A Medicare Miracle

I have spent a decade conducting educational workshops and meeting with individuals transitioning to Medicare or already there. I encourage everyone to explore resources at www.socialsecurity.gov and www.medicare.gov to become knowledgeable before services are needed. I also stress the importance of keeping Medicare cards, medication lists, the names of your physicians and any ongoing health conditions on hand.

Exercise: A Panacea, Pt. 2: Movement/Safety

Although the medical system is driven by pain, preventative approaches are becoming more prevalent. For seniors, it is essential that falls are prevented. Any fall can cause severe damage and breaking a bone (usually the hip or hand/wrist) is quite common. The scary statistic is that one out of every five people will die within one year of breaking their hip.

Are You Aging Too Quickly?

Walk into any gym and you will see it full of baby boomers — those born between 1946 and 1964. The oldest of the baby boomer generation is now 73 and the youngest is 55. But age alone does not define the actual physical condition of a person. There are two ways to age as defined by the Functional Aging Institute:1) Primary Aging and 2) Secondary Aging.

Maui Pink Paddlers Give Us Hope

Hope and togetherness for persons affected by cancer is Mana‘olana Pink Paddlers’ specialty. On Tuesday and Thursday mornings, cancer patients, survivors and supporters pull together, paddling their pink double-hull canoes across the ocean off Kīhei on Maui. Oct. 12 and 13 will be their 10th voyage and overnight on Lāna‘i with The Pacific Cancer Foundation’s Paddle for Life — not a race, but a fun outing

A Paddler First, a Cancer Survivor Twice

Tammy Osurman of West Maui has competed in 10 Nā Wāhine o Ke Kai canoe races — a grueling 42-mile paddle across the treacherous Kaiwi Channel from Moloka‘i to Waikīkī. This “Paddle Bunny” is in the canoe three days a week with the North Shore Renegades. Tammy has paddled in all 10 of the Pacific Cancer Foundation’s Paddle for Life: Voyage to Lāna‘i Events.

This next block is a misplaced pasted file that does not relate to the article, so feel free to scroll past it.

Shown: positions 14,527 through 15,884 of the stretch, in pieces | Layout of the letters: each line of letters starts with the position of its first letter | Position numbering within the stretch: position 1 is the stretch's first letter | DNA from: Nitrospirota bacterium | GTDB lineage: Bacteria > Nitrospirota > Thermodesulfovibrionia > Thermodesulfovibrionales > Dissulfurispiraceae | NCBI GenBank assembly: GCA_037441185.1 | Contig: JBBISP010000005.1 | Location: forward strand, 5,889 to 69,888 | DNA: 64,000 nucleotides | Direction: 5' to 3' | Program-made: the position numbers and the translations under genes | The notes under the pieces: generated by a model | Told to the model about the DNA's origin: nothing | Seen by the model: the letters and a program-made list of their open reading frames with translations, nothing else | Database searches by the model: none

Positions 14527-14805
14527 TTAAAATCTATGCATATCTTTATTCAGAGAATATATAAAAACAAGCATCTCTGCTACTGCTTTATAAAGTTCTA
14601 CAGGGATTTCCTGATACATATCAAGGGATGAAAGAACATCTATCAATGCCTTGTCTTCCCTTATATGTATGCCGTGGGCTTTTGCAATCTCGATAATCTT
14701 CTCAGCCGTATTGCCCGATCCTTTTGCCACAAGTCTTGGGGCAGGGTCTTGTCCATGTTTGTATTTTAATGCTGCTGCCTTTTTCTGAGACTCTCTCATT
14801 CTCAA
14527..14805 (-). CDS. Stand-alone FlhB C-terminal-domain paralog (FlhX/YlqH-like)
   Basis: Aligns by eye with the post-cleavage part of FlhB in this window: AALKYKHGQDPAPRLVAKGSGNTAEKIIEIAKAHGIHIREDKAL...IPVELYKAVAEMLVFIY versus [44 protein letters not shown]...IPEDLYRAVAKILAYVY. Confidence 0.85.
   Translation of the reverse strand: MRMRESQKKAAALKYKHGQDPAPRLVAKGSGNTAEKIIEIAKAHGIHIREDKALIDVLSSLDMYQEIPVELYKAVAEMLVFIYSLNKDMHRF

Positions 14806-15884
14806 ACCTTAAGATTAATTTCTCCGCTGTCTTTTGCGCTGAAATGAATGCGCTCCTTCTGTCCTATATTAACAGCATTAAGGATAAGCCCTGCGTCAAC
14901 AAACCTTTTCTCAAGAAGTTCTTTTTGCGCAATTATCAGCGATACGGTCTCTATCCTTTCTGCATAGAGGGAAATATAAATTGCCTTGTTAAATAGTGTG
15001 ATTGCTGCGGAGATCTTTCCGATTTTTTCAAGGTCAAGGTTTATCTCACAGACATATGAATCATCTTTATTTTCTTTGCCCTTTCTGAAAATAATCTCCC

FREEDOM: Working in New Ways

For the past few months, I have been introducing you to the concept of working in new ways beyond the old, familiar routine of working a regular, full-time job in an office. Now, many ask how to optimize their independence from the old, familiar world of work. How are they doing good, making money, overcoming feelings of isolation and having a healthy lifestyle? Let’s begin a new journey by addressing freelancing — i.e., working for yourself.

Time to Honor the 100th Battalion

Punchbowl was once used as a lookout for Hawaiian warriors. Now, it’s one of only two national memorial cemeteries in the USA — the other is Arlington, Virginia. It is the final resting place for those that have courageously served in the U.S. Armed Forces. For the 14th year, the 100th Infantry Battalion Club 100 members invite the public to help decorate 1,000 heroes’ graves with flowers Saturday, Sept. 28, from 8 to 11am.